DON'T TRY #1 ALONE! Samantha Lafave, in “How Fit Are You Really?” presents a list of moves that she indicates will test your fitness level and provide information on areas of weakness that need extra work.
There are many such tests that employ a variety of other moves, but these 5 have been part of fitness center pre-testing I’ve been through before. Each requires strength, flexibility and balance. The very first item, the “seated to standing” assessment, is by far the most difficult, especially for people over 50 years of age.
1) Seated to standing (or Sitting-Rising Test- SRT); no support from hands, arms, knees
2) Overhead squat: perform 3-5 reps
3) Lateral plank: hold 30-45 seconds
4) Full body push-up with 4 and 8 o’clock hand positioning: 3-4
5) Stabilized lunge: 3-5 per leg
Lafave doesn’t fully explain that the SRT has been used by some to assess longevity in her short piece. A 2015 USAToday article by Kay Quinn describes the thinking of the medical doctor who developed the test and why performance might help predict life expectancy, “How Long Will You Live? Try the Sitting Rising Test.”
The USAToday.com article provides a better description of how the SRT is performed.
“The goal is to get down and back up from a sitting position with minimal support. It can be used in all age groups, and results are based on a scale of one to 10. Score three or less and your risk of dying is five times greater over the next 5 years”
Re-worded a bit, here are the directions provided in the USAToday.com article: Standing, with shoes off, cross your feet and ease down into a seated position. That’s 5 points. Come back up to full standing position. That’s another 5 points. Subtract a point for each hand, arm, or knee used for support going down and coming back up. Take a half point off any time you lose your balance, again both going down or coming back up. Total your points. The highest possible score is 10.
Readers are cautioned, if you have bad knees or hips, don’t risk injury by performing this alone. A spouse, family or friend can help, it advises.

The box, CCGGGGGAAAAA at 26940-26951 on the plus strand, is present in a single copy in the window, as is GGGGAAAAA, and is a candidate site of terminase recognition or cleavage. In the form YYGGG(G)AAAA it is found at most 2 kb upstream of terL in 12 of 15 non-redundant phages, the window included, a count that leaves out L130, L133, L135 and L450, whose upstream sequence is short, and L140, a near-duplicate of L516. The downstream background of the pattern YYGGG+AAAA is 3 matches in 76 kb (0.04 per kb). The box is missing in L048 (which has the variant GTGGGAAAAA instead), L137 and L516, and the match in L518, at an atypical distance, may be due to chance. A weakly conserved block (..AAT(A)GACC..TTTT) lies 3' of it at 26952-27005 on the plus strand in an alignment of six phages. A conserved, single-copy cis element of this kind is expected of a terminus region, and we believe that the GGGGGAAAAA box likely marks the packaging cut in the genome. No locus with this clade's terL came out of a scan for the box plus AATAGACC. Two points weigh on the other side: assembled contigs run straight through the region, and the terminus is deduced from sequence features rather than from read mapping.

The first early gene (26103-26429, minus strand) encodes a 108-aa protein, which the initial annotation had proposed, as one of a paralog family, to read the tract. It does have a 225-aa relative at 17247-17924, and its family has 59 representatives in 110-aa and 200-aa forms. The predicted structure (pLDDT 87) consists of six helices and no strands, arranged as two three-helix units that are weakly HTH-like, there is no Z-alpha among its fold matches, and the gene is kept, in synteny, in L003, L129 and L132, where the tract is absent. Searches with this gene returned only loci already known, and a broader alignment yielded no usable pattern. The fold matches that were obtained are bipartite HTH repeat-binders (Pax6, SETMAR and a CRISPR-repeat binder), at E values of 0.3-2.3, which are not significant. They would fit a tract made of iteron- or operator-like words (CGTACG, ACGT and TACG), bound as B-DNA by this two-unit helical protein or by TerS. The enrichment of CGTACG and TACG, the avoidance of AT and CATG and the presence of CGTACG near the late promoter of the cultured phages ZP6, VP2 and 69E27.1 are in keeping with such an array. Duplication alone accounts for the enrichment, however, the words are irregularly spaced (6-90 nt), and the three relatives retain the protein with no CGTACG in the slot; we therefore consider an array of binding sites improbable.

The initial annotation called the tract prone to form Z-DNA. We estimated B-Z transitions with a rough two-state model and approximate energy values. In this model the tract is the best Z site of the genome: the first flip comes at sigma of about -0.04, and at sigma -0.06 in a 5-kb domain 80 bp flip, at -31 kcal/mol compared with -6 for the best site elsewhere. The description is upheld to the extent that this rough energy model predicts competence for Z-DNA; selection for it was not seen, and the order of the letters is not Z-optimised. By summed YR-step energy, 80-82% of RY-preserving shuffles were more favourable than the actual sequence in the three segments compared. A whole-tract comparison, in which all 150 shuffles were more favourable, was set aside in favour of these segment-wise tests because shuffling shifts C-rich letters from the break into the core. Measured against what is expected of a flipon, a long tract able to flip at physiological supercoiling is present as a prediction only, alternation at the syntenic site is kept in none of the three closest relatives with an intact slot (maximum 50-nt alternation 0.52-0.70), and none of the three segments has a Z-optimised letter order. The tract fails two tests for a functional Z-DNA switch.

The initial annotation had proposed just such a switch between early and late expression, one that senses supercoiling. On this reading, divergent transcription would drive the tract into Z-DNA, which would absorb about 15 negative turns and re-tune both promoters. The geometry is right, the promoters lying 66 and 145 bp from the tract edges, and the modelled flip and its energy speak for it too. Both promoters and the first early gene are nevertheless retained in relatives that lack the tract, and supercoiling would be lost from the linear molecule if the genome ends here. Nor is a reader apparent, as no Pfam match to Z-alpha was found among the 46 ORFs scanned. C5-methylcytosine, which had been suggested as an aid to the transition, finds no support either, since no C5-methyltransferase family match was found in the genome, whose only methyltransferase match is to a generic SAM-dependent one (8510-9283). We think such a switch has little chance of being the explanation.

When I first performed this test about 3 years ago I was happy because I scored an 8.5. I intended to work to improve that score Now that I have a knee issue, it’s a 7.5.
The validity of the claims for this fitness test has been questioned.
Dr. Claudio Gil Araujo, MD, PhD, who created the SRT indicated in the article, “not only aerobic fitness is important. You also need other things for your life: strength, flexibility, balance."
Perhaps the way safest way to use this test is to assess over time whether or not our score is changing. It can provide motivation to work on areas like balance, flexibility and strength, realizing that aerobic fitness may not accurately predict later functional quality of life.
Like weight that creeps up over time, or down in the case of frailty, disability can slowly have an unwelcome effect on our lives. The SRT is a difficult test, try the others offered by Lafave to measure your fitness level, if the SRT results are disheartening. These other tests are also the exercises that you would perform to improve.
BRIDGE TO PHYSICAL SELF
Running, walking, and fitness activities enable us to experience our physical selves in a world mostly accessed through use of fingers on a mobile device.
EARNED RUNS is edited and authored by me, runner and founder. I began participating in road races before 5Ks were common. I've been a dietitian, practiced and taught clinical pathology, and been involved with research that utilized pathology. I am fascinated with understanding the origins of disease as well as health.
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